Every Wednesday, we open up the courtyard for lunch, invite a local food truck to set up outside our gates, and welcome our downtown neighbors into the space for a bit of socialization.

Our never-ending soda fountain seems to be the biggest hit with some of our neighbors while others spend time playing pool or simply chatting about what is happening on the weekend.

For October we turn the space into a haunted house and invite the neighborhood children to come out and trick-or-treat.

Got an idea for how to use the space? Just ask us – we’re almost certain to say yes!

Jordan Sigale, Dunlap Codding Director and Co-Practice Group Leader, Quoted in Law360

Jordan Sigale, Dunlap Codding Director and Co-Practice Group Leader, Quoted in Law360

On September 14, 2015, Erin Coe, quoted Jordan Sigale in an article entitled “6 Tips For Using An Expert Witness to Win An IP Trial.”  Coe wrote, “[P] icking the right expert witness who resonates with jurors can be a critical factor for bringing home a win.” 

Sigale said, “I look for expert witnesses who take a position and whatever they believe, they hold it to their core, which either works for my case and I hire them, or it doesn’t, and I either figure out a way to use that opinion or I don’t hire them,” he said. “If I only go with an expert that adopts the opinion I want to hear, opposing counsel is going to shake the crud out of the expert.”

Douglas J. Sorocco, Dunlap Codding Shareholder and Practice Group Leader, Quoted in Corporate Counsel Article

On October 13, 2015, Lisa Shuchman wrote an article for Corporate Counsel covering a 22-page legal opinion issued in September by the Trademark Trial and Appeal Board (TTAB) regarding the use of F**K.  The TTAB denied the appeal of a ruling denying trademark registration to an Italian apparel company for one of its marks: “F**K Project.

Doug Sorocco was quoted as saying, “Five to ten years ago, this would have been a slam dunk case,” says Douglas Sorocco, a partner at the Intellectual Property law firm Dunlap Codding. “The panel would have ruled unanimously that this mark was scandalous or immoral and could not be registered.”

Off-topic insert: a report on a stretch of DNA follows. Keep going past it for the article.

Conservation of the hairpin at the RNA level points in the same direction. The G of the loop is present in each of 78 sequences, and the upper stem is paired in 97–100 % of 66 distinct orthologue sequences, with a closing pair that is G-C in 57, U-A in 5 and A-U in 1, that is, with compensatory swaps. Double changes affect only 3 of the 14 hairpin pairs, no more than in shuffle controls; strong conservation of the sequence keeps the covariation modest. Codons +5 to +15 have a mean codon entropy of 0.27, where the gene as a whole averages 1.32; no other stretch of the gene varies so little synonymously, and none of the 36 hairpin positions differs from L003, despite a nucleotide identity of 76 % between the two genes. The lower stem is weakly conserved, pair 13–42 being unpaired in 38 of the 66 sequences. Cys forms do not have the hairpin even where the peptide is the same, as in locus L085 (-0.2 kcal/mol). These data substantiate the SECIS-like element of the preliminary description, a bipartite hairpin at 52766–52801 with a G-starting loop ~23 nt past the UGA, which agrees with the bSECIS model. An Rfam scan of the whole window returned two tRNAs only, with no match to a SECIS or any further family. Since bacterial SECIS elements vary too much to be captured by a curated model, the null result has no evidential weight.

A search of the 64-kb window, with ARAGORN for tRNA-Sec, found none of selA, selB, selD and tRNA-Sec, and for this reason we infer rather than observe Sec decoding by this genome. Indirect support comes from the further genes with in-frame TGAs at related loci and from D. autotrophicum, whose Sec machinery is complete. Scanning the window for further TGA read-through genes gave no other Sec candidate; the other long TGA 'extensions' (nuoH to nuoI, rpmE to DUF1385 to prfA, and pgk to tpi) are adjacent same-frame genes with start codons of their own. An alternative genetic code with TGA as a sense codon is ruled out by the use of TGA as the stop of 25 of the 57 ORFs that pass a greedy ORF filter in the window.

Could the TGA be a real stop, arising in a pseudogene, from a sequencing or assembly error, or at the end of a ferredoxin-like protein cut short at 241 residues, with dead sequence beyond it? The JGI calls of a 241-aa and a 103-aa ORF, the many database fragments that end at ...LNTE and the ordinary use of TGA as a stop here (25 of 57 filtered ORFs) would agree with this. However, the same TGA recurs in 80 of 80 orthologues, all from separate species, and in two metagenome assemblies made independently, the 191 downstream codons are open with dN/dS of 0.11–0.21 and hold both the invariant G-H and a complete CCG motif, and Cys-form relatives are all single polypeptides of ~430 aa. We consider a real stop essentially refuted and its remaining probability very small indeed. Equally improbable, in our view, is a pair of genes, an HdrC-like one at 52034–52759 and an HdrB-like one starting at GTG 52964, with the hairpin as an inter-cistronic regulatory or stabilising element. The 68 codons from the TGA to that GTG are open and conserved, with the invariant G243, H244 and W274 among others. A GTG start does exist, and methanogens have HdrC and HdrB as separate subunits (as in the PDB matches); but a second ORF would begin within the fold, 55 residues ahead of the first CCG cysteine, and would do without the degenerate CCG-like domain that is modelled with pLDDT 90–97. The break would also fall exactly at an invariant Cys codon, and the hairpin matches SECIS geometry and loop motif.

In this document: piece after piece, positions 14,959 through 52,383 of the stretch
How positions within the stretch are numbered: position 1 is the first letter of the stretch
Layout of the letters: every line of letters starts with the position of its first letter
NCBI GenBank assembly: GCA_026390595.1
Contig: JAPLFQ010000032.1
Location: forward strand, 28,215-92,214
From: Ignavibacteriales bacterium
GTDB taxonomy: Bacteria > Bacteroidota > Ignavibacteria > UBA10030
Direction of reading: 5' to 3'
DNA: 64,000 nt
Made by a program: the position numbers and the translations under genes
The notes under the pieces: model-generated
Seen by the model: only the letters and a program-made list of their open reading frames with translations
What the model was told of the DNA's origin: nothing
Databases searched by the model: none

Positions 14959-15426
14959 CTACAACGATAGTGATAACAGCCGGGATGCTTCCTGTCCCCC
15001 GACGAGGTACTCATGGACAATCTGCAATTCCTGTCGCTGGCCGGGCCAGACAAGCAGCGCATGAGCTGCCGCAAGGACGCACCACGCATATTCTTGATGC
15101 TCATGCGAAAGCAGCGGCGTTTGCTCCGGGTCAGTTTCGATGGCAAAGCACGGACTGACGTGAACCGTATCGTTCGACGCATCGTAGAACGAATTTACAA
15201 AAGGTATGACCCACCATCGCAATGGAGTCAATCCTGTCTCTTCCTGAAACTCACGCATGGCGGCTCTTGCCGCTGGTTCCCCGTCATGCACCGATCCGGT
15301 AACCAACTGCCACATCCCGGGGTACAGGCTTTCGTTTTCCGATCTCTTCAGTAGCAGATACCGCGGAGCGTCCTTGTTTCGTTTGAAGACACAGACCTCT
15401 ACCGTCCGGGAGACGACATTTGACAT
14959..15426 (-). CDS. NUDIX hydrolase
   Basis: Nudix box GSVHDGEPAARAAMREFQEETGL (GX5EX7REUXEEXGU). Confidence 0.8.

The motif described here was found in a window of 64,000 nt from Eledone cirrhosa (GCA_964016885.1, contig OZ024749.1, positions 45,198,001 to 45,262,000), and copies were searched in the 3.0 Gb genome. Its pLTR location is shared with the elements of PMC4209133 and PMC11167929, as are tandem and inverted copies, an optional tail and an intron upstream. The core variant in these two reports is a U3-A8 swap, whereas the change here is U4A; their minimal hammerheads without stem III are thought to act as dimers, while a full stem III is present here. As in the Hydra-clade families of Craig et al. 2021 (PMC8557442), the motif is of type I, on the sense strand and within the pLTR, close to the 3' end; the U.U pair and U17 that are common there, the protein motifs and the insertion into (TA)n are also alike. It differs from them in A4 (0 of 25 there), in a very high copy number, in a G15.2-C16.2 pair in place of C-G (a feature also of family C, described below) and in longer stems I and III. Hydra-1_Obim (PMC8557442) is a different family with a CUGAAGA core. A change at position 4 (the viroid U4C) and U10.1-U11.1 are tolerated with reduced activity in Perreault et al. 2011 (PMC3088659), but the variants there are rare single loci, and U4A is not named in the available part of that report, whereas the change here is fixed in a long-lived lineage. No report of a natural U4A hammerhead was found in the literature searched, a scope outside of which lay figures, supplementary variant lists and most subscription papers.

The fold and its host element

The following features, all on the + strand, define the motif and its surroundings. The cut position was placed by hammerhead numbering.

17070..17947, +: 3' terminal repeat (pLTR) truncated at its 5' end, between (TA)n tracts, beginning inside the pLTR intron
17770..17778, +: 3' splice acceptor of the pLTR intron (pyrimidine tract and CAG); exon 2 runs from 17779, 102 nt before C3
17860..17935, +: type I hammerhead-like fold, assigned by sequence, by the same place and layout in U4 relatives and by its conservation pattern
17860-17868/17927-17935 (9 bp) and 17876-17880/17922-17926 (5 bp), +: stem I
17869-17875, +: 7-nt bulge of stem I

Read more: http://www.corpcounsel.com/id=1202739728336/Trademark-Appeals-Board-Opinion-Has-People-Asking-What-the-FK#ixzz3oeYqhAhG

Emily E. Campbell, Dunlap Codding Shareholder and Practice Group Leader Quoted in LifeZette

LifeZette, recently quoted Emily Campbell in an article by Christian Toto on “The Politicization of Music.”

Toto wrote, “In recent years, as pop music became entrenched in our lives, candidates began choosing Billboard hits to boost their electoral chances. Emily Campbell, an attorney with Dunlap Codding, said in most situations the candidates in question backed down if they were challenged with legal action by the corresponding artists.

Politicians would stand on firmer ground if they didn’t play the songs in question repeatedly, and obtained the proper license in the first place, Campbell said. But campaign songs are like jingles, she said, and to work best they need to resonate and be remembered by potential voters. That demands repetition.”

Dunlap Codding Shareholder Emily E. Campbell Named an Oklahoma Rising Star 2015

OKLAHOMA CITY, OKLAHOMA—October 8, 2015— Dunlap Codding is pleased to announce that Emily E. Campbell has been named to the Oklahoma Rising Stars 2015 list for Intellectual Property as one of the top up-and-coming attorneys in Oklahoma. Campbell was previously listed as a Rising Star in 2010 and in 2013-2014.  Each year, no more than 2.5 percent of the lawyers in a state receive this honor. 

Campbell is a shareholder and practice group leader at Dunlap Codding, providing strategic counsel to clients on trademarks, copyrights, Internet law, and licensing.  She was recently named to the University of Oklahoma’s College of Engineering Industrial & Systems Engineering Advisory Board and the Oklahoma City Geological Society Board of Directors.  She received her J.D. from the Oklahoma City University School of Law and received her B.S. in Industrial Engineering from the University of Oklahoma.  Campbell is registered to practice before the United States Patent and Trademark Office.

Dunlap Codding, with offices in Austin, Chicago, Oklahoma City, and Washington, D.C., serves sophisticated international, national, and regional clients.  Established in 1957 as Oklahoma’s original intellectual property firm, Dunlap Codding remains the region’s largest and most versatile IP boutique providing counsel in the areas of patent, trademark, copyright, and entertainment law as well as related litigation and licensing services.

Dunlap Codding is a member of Primerus, an International Society of Law Firms.